The designated leader generally demonstrates through their achievements and attitude that they possess qualities that merit them being elevated to a leadership role in their organization. How they go about doing their work and relating to others identifies their special qualities. In this case, they are excellent workers, creative and problem-solvers that do their job without making waves or drawing attention to themselves. They are also responsible and accountable but not necessarily with an agenda that seeks a leadership position.
It is not uncommon for workers with exceptional talent and work behavior to be considered for leadership positions. Still, the people I specifically refer to in this paper are excellent employees because they are good and without expectations that they become leaders. The differences between the exceptional employee who does high-quality work (because it is the job they do) and the employee that seeks to become a leader are considerable. Their intentions are different and eventually seen for what they are.
Those given leadership positions must also be given training in how to use their newfound power and influence. While the excellent employee will view this positively, it might prove difficult for the employee who wants and seeks to become a leader. This, because their reasons for being where they are and their views on newfound power are vastly different.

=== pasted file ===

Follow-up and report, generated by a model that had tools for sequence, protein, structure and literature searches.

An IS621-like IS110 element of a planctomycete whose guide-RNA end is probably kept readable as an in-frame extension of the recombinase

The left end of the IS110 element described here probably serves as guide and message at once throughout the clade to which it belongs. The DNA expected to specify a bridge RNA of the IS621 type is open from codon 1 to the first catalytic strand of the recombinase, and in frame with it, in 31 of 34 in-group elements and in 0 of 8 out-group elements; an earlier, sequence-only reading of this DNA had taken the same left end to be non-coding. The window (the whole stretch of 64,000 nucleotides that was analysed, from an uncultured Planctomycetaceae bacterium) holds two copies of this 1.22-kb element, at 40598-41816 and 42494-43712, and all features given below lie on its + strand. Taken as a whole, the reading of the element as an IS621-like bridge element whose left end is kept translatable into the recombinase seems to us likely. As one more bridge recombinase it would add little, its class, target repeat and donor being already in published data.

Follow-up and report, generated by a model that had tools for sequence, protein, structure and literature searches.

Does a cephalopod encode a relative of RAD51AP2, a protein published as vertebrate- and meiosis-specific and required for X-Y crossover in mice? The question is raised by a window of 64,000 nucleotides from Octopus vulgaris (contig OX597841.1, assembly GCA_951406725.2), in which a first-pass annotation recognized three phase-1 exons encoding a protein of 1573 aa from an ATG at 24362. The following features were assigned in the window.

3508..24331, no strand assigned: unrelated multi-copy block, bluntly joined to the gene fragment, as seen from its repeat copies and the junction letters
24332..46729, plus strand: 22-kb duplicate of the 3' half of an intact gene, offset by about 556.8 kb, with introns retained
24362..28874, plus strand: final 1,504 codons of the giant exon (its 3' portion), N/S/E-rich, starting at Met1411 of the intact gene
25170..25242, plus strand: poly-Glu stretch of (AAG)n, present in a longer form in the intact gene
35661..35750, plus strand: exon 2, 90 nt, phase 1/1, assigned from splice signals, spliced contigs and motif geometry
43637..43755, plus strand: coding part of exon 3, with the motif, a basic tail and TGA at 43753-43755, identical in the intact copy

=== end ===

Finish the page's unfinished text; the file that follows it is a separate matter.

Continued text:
For the former, it is a job to be done as well as possible and empower those they lead to be as good as they can be.
The person who seeks leadership to have power over those they lead is focused primarily on themselves and their own glory. What they do and how they lead is secondary. These differences are not subtle, nor are their relationships and outcomes.
As for the person committed to being their own boss, their path may not have to do with control, power, or influence. They may choose never to be an employee of an organization. Money may or may not drive them. Power over others may not drive them. Being the best at what one does may or may not drive them. First and foremost, they have decided to be professionally independent, depending on only themselves.